The first author developed the models and obtained the results. The second author implemented the optimization algorithm and tested on OPAL-RT. The third author suggested the controller and validated the manuscript. The author(s) read and approved the final manuscript.

Author’s information

Pratap Chabdra Nayak is a Ph.D research Scholar in the Department of Electrical Engineering, VSSUT, Burla, 768018, Odisha, India. Ramesh Chandra Prusty is working as Assistant Professor in the Department of Electrical Engineering, VSSUT, Burla, 768018, Odisha, India. Sidhartha Panda is working as Professor in the Department of Electrical Engineering, VSSUT, Burla, 768018, Odisha, India.

Corresponding author

Correspondence to Ramesh Chandra Prusty.

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Table 7 Nominal parameters of the system: system frequency f = 60 Hz, Tgi = 0.08 s, Tti = 0.3 s; Tri = 10 s; Kri = 0.5; Kpi = 120 Hz/pu MW; Tpi = 20 s; T12 = 0.086 pu MW/rad; Hi = s; Di = 8.33X10–3 pu MW/Hz; βi = 0.425 pu MW/Hz; Ri = 2.4 pu Hz/MW; loading = 50%; TSSSC = 0.03 s; KSSSC = 0.1802; Kφ = 1.5 rad/Hz; TPS = 0.1 s; TTCSC = 0.015 s; TIPFC = 0.01 s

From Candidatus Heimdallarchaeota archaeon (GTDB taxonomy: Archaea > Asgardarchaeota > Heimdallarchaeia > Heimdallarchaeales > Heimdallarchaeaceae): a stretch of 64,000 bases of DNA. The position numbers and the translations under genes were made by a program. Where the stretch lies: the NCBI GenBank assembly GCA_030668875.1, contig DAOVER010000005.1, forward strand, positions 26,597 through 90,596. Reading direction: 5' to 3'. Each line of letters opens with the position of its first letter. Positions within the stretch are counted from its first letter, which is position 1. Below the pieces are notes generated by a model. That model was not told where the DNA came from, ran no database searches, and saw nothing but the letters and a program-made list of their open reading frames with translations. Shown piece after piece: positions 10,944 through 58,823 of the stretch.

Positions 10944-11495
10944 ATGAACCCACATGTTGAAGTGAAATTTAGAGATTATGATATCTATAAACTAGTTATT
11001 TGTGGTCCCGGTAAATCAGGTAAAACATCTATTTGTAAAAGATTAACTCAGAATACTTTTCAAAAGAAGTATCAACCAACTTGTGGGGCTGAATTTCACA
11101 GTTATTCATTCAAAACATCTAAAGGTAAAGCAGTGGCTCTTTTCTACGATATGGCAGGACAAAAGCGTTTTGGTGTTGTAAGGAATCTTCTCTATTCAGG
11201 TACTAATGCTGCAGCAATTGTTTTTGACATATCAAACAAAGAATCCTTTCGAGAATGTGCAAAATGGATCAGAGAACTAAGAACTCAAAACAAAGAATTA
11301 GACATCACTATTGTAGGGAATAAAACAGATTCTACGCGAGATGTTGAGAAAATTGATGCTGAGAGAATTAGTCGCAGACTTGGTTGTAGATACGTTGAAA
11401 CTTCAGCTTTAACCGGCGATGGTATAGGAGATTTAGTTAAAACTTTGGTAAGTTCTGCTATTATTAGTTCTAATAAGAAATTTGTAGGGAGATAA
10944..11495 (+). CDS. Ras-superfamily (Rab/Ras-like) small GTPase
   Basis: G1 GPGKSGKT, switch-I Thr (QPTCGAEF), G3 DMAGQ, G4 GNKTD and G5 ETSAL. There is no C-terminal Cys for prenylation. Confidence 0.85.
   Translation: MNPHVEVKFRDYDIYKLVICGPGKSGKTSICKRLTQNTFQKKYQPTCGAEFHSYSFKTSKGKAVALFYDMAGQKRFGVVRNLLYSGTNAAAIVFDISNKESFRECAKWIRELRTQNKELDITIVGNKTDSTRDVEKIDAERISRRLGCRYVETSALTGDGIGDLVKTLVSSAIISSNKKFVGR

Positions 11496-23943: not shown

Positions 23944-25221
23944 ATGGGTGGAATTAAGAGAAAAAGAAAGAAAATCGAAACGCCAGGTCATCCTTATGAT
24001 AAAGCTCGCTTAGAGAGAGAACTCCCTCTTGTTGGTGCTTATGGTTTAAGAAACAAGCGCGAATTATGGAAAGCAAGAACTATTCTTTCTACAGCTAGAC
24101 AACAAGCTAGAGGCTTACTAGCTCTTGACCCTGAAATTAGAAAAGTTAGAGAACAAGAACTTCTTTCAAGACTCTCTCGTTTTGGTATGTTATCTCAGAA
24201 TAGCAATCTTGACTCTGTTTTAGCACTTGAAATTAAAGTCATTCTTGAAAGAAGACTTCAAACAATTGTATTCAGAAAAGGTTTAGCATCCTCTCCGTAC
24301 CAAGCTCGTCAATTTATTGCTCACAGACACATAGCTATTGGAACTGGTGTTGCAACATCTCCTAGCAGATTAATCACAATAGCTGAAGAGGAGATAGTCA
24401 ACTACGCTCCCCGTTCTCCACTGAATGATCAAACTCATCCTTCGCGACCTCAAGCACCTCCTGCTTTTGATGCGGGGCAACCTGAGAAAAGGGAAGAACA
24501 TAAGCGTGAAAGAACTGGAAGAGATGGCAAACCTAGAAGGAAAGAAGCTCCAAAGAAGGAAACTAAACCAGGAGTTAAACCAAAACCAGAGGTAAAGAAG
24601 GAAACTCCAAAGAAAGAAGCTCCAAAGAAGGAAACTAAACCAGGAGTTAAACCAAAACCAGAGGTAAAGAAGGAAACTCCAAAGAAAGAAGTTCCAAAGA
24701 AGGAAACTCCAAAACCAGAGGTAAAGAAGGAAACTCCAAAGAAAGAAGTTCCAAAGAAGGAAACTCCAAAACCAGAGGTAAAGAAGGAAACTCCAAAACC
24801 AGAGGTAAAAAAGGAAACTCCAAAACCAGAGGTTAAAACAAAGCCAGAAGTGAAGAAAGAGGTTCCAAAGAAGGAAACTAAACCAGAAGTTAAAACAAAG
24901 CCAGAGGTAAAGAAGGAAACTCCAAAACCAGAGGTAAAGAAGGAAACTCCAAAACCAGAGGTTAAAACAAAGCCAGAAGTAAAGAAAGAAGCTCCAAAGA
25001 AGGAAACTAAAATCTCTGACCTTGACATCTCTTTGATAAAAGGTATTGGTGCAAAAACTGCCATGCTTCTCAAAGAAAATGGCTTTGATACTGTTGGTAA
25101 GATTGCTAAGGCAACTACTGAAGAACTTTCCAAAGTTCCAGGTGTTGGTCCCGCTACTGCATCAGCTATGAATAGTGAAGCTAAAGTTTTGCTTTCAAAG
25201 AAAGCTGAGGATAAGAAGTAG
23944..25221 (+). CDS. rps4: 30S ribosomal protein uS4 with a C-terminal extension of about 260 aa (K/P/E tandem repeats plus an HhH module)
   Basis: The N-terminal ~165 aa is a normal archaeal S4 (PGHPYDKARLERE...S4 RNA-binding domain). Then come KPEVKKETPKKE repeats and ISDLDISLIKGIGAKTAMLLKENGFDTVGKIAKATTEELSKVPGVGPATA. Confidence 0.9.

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Nayak, P.C., Prusty, R.C. & Panda, S. Grasshopper optimization algorithm optimized multistage controller for automatic generation control of a power system with FACTS devices. Prot Control Mod Power Syst 6, 8 (2021).

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  • Automatic generation control
  • FACTS devices
  • Multistage controller
  • Grasshopper optimization algorithm